Besides my mother tongue (Italian) I can speak English and French pretty fluently (I’ve always had a passion for foreign languages since I was a kid), so right before our daughter’s birth (4 years ago) my wife and I agreed that I would speak French only at home (but my wife always talks to me in Italian because she only knows some basic French from school and no English at all).
    So far so good, we’re very satisfied with the results: my daughter is bilingual as she always addresses me in good French whereas she uses Italian in any other situation. I sometimes have the feeling that her French vocabulary is much richer than her Italian one, which of course makes me feel very proud!
    Now let’s come to my doubt.
    My wife and I have recently
    started talking about having a second child and I would like to use English only to communicate with him/her while sticking to French for the rest of the family.
    My idea is that switching language according to the child will make both children learn their third language (respectively English for the first born and French for the second born).
    It goes without saying that this choice of breaking the OPOL rule is actually a very ambitious plan to put into practice: what worries me most is that using French to address one child and English to address the other in the end will promote Italian in the communication between siblings which I would like to avoid.
    So on the one hand the idea of introducing English as a third language at home is very tempting, on the other sticking to OPOL (i.e. always communicating with my children and my wife in French only) appears to be the most reasonable and “natural” path for the kids.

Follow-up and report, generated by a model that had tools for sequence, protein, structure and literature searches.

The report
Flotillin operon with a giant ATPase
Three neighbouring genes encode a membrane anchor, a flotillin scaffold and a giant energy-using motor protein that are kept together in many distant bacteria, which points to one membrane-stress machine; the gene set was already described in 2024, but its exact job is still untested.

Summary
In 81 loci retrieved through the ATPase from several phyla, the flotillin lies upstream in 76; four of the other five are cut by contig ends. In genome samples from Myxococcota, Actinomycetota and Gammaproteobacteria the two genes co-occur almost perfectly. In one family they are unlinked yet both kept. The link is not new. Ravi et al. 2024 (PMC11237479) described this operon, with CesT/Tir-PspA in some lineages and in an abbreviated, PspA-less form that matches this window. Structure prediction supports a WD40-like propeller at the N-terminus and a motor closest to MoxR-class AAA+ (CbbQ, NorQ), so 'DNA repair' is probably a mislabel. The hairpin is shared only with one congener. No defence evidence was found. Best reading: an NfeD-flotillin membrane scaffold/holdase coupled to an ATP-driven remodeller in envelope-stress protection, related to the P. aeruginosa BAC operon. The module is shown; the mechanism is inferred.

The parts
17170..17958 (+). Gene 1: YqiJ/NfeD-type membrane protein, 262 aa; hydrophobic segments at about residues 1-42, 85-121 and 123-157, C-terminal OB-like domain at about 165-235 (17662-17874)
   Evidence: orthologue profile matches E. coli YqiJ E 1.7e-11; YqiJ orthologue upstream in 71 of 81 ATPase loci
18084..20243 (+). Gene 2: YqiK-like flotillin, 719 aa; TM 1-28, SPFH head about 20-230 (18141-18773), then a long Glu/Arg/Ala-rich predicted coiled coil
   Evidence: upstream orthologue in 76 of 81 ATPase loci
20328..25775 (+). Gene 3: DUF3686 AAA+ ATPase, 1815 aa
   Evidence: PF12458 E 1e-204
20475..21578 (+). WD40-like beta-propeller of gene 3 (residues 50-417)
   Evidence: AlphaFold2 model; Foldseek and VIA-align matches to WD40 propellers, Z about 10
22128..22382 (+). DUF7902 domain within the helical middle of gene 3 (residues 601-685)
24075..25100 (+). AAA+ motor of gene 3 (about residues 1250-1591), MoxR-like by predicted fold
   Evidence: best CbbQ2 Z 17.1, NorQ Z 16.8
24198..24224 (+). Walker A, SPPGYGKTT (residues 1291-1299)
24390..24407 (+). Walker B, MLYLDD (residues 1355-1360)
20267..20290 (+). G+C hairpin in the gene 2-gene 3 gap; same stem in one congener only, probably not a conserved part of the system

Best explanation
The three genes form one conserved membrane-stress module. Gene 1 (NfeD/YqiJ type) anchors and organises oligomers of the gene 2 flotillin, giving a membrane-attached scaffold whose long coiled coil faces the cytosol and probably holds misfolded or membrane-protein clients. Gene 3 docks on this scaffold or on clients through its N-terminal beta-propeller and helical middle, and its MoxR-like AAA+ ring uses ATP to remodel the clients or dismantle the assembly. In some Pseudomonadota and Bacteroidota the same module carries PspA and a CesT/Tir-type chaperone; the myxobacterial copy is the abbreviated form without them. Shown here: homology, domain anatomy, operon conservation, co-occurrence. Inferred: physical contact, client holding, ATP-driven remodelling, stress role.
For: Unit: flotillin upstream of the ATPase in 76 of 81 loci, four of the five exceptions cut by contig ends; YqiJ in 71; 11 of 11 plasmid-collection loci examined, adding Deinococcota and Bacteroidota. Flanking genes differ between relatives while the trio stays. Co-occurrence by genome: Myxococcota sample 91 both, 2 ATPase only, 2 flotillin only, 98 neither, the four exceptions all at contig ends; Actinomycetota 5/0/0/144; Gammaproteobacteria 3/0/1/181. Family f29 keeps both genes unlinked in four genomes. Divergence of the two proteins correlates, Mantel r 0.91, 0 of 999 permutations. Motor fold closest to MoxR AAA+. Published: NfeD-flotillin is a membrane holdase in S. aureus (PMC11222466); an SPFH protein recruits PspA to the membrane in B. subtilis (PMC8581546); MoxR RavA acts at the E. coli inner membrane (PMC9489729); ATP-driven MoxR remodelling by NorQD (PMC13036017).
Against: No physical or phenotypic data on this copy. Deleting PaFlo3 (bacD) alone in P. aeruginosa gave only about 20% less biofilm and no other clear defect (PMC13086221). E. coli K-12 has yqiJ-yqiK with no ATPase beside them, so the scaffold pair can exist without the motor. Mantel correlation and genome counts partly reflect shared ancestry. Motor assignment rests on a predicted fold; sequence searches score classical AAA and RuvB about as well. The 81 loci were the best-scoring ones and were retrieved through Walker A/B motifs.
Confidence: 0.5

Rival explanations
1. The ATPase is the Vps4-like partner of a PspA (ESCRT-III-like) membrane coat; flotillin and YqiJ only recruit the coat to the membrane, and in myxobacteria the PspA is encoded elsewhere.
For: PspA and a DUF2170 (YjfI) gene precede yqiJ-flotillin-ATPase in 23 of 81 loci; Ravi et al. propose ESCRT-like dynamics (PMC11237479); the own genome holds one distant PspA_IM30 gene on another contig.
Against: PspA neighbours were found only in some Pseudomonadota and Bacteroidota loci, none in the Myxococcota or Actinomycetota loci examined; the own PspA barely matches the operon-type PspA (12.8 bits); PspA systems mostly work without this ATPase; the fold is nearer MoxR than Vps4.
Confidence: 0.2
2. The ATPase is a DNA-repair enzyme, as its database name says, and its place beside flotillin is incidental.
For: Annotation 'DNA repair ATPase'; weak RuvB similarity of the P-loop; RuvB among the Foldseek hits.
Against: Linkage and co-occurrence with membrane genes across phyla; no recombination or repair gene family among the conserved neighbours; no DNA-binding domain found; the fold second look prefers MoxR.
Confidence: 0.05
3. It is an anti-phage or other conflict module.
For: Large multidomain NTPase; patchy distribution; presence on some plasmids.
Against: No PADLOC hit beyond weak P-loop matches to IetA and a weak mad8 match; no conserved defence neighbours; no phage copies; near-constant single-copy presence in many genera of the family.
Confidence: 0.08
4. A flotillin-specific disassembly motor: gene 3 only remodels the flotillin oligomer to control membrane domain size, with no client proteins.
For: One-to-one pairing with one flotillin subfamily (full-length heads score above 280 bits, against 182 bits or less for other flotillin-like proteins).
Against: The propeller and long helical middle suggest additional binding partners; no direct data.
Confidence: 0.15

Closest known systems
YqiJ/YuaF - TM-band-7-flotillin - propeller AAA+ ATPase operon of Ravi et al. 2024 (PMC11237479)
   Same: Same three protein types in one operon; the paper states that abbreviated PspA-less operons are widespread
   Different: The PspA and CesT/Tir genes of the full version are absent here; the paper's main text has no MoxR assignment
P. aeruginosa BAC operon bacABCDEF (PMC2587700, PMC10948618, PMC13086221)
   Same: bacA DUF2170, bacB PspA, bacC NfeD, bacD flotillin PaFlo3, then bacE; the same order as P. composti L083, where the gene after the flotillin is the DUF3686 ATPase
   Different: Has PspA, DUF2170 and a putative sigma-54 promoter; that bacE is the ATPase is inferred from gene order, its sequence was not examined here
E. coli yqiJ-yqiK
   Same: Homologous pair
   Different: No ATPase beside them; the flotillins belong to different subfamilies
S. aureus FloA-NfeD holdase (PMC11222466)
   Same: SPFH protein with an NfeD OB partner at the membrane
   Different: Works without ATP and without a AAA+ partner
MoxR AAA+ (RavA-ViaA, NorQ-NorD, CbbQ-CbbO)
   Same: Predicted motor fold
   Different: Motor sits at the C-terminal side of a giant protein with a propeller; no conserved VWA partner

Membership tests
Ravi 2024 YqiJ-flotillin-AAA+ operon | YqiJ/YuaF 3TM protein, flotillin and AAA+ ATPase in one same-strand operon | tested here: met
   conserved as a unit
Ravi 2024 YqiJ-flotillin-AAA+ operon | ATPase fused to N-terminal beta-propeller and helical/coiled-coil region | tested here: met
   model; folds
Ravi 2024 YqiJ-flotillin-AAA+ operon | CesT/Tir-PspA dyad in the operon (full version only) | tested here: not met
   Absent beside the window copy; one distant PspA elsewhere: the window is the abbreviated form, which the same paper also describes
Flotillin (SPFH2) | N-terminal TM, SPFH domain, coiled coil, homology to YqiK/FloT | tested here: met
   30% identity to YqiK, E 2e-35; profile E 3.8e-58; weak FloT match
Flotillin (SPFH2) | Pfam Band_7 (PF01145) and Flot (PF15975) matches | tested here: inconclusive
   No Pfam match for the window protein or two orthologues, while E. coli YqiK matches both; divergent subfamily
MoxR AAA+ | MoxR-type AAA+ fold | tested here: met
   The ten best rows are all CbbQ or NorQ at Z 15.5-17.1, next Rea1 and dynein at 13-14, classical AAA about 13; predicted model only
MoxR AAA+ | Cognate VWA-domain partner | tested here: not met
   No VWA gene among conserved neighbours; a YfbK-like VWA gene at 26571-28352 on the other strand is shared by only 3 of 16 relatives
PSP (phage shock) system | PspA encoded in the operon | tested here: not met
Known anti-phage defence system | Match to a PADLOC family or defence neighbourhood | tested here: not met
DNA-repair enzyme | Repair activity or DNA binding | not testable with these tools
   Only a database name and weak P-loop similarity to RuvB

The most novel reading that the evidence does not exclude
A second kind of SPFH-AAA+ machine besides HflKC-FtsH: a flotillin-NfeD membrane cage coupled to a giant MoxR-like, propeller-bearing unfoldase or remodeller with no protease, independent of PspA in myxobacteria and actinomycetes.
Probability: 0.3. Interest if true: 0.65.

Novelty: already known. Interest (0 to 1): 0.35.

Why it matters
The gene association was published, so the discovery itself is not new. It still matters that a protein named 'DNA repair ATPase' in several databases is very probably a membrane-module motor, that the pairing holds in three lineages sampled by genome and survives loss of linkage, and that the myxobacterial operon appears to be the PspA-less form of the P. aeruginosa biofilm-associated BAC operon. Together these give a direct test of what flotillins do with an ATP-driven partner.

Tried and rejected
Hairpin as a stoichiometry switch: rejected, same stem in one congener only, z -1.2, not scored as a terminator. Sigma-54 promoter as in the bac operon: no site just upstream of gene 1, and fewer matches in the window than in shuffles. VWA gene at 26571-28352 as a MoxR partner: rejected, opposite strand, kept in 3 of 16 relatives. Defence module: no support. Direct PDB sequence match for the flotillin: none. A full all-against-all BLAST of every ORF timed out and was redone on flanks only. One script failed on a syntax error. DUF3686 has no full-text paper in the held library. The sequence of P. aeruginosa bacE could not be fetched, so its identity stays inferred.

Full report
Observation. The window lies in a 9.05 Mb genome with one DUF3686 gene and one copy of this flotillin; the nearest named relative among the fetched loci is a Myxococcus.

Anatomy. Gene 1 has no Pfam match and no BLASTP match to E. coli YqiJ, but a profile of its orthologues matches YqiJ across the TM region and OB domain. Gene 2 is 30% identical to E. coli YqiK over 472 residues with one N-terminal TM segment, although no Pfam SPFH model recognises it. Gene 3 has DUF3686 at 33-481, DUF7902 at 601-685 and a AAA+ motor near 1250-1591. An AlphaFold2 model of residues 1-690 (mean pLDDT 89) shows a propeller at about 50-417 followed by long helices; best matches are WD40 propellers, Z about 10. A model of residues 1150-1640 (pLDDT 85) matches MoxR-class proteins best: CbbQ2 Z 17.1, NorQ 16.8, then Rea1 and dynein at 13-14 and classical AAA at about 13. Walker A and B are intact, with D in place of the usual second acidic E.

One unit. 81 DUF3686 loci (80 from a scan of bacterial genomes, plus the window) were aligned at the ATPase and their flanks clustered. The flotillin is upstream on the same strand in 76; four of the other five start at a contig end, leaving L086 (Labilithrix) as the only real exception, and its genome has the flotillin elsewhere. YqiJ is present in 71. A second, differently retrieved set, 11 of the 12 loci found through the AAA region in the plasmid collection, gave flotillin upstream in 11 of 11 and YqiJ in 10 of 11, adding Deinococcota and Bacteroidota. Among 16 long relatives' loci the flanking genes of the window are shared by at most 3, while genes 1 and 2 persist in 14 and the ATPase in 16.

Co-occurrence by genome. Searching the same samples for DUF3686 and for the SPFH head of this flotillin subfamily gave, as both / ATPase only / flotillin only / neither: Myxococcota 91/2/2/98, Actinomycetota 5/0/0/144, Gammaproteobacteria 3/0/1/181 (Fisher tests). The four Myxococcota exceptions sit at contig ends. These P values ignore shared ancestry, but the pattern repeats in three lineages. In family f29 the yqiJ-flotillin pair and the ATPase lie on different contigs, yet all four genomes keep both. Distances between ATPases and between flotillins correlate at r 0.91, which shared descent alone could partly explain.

Thanks for sharing your thoughts on such a crazy idea issued from as much a foreign languages fanatic as I am.


    • Maria says:

      Hello Francesco, I’ve given your questions some thought and although yes, your plans are ambitious, I believe that adapting OPOL (or any other language plan) is something that is feasible and even recommendable…. And I believe that it goes without saying, but if you can introduce an additional family language, there are so many benefits to the individual family members and to the family as a whole. However, here are just a few things to take into consideration… 1.) Speaking a different language with each child could also create an affective barrier in your family dynamics. Also, the more family languages, the more complex communication becomes when you are all together. At the dinner table, for example, or when you need to have a family discussion with all members actively participating. 2.) Children and siblings in your particular situation, are very good at deciding what language they will speak with each other. In my personal opinion, it’s important to let them “own” their own relationship and communication. Consequently, I have always left it up to my children to decide what language to use to play with and communicate with each other. Children will almost always adopt the community language. Chances are that no matter what language plan you choose, if you are living in Italy, your children will decide to speak to each other in Italian. Now, don’t let these things discourage you, but it’s better to be aware of these eventualities so that you can choose the very best configuration for your family. I’m guessing you’ve read my articles about my own 2-week OPOL adaptation that I use to transmit two mother languages (English and Spanish) to my children. We live in France and they speak French to each other and yes, our family dinners are sometimes chaotic with 3 languages being spoken sometimes in the same sentence! But we love it. The family language plan needs to fit the family! Now, another thing to keep in mind is that a family language plan needs to evolve and grow with the family. What works for a certain period of time may need to be adapted according to the changing circumstances and needs of each family member. Don’t be afraid to change, which is exactly what you are contemplating now, so I think you have the right frame of mind. Always include all the family members as much as possible in making decisions about how to adapt the family language plan. Also, you can try something out, decide it’s not at all what you want or that it doesn’t feel right and change things again. I hope all of this will help you in finding what is right for your multilingual family. Sincerely, Maria